The RSA FirstWatch Team has seen an increase of the GameOver Zeus variants submitted to our malware database over the past few weeks. Here is the trendline.
The GameOver Zeus variant uses an encoded secondary file download that is decrypted by the initial infection file on an affected host. This encoded download is actually an executable, but typical file fingerprinting- looking for the MZ at the beginning of the file, as many gateway products do, such as NextGen firewalls, IDS/IPS, etc will not typically stop this file type from being delivered to the endpoints. A great blog detailing the encryption scheme is located here.
When GameOver first appeared, these secondary download files typically had a .ENC filename extension. However, as of late, the extension has become randomized. In the screenshot below, you can see the pattern of these filename extensions and directory structure.
So you can see the pattern of the 6 character alphanumeric filename followed by the randomized extension. Also, you can see that many of these files are hosted on WordPress blog sites that were likely compromised at the beginning stages of the GameOver campaign to host these downloads. Why pay for a Content Delivery Network (CDN) when you can make your own from vulnerable webhosts?
Below is a sample session from Security Analytics so you can see what happens on the network. As you will see, there is a marker at the beginning of the file- the distinctive "ZZP." which is unique to these GameOver sessions. This tells us that it is possible to fingerprint these filetypes by looking for that marker as a token with a parser.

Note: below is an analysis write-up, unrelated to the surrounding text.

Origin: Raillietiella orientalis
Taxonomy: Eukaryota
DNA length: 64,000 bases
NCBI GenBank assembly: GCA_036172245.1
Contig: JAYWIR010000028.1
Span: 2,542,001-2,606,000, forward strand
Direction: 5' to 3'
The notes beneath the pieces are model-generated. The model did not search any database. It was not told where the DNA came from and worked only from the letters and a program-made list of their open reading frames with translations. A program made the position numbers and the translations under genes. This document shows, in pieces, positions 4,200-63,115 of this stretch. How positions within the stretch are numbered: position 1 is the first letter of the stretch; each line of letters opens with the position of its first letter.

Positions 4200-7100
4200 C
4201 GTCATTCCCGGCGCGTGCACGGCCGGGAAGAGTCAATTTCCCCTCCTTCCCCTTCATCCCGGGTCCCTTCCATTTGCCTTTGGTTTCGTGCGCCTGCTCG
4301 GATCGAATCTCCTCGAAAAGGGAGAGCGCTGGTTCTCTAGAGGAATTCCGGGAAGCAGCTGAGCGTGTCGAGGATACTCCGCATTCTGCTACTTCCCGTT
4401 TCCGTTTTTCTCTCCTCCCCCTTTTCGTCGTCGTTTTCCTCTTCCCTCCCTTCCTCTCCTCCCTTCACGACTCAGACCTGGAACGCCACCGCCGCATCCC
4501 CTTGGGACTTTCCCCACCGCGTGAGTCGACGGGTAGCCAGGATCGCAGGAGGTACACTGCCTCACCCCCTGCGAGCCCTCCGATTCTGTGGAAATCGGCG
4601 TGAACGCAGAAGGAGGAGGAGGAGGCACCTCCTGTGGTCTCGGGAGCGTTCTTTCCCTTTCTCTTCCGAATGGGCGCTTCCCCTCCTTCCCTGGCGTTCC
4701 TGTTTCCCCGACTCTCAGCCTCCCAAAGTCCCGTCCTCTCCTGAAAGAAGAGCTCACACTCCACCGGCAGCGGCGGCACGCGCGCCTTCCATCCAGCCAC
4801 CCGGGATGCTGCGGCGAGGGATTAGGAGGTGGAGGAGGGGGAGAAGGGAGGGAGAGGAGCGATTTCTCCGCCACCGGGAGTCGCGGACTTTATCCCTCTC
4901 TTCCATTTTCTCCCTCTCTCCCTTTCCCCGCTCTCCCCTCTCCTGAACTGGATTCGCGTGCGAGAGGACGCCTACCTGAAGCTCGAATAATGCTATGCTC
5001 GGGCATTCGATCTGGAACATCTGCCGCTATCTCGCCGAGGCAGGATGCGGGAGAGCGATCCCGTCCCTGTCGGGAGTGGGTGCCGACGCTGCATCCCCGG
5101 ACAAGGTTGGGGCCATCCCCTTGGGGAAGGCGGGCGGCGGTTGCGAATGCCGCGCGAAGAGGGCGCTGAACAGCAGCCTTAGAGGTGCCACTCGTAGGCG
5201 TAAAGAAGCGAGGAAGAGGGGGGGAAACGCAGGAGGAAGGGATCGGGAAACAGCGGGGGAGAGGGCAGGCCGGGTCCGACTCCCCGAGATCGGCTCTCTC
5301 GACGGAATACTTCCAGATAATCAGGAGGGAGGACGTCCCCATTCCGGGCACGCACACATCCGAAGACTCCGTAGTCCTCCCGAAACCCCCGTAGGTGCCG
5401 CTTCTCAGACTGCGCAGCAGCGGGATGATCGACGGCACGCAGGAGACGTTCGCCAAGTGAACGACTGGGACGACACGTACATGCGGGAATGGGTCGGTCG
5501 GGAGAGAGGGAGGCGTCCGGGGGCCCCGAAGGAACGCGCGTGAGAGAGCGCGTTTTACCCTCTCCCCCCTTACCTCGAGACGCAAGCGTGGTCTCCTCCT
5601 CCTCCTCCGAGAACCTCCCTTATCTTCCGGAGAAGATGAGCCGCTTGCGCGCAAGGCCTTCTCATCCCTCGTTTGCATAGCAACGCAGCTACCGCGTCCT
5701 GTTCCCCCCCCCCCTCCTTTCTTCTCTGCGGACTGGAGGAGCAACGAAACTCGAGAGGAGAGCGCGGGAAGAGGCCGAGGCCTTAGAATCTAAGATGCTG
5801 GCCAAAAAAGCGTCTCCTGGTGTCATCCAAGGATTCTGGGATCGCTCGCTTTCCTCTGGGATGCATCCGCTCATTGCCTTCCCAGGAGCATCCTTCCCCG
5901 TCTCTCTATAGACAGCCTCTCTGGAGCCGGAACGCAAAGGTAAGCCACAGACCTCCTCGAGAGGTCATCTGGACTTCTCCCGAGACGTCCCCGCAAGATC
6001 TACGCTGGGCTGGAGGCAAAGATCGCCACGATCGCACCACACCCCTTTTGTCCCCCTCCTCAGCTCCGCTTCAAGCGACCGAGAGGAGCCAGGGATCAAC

There is one additional piece of meta that is common to every GameOver variant detected- It's simple and distinct User-Agent string.
So detecting this threat uses three approaches- two application rules and one new parser. The rules are:
GameOver Zeus Installer Detected
Possible GameOver Binary Downloaded
extension='enc' && directory begins '/wp'
But should the UA string ever change with a new GameOver variant, the LUA parser attached below will find the token "ZZP" mentioned above. We have also added a few dozen known GameOver Download domains to the FirstWatch Threat feeds. And finally, a sample PCAP is also attached so analysts can see what this activity looks like and to test the attached parser.
So check your environments for the past few months using these rules/queries above to see if you have been affected by GameOver. And Happy Hunting!
This, like other malware, evolves over time. The dropper file that was faithfully detected by the parser below has changed, although the extensions are still rar, zip, tar, etc. However, we have observed new User-Agent strings for communications and you should update your capture rules to include the following: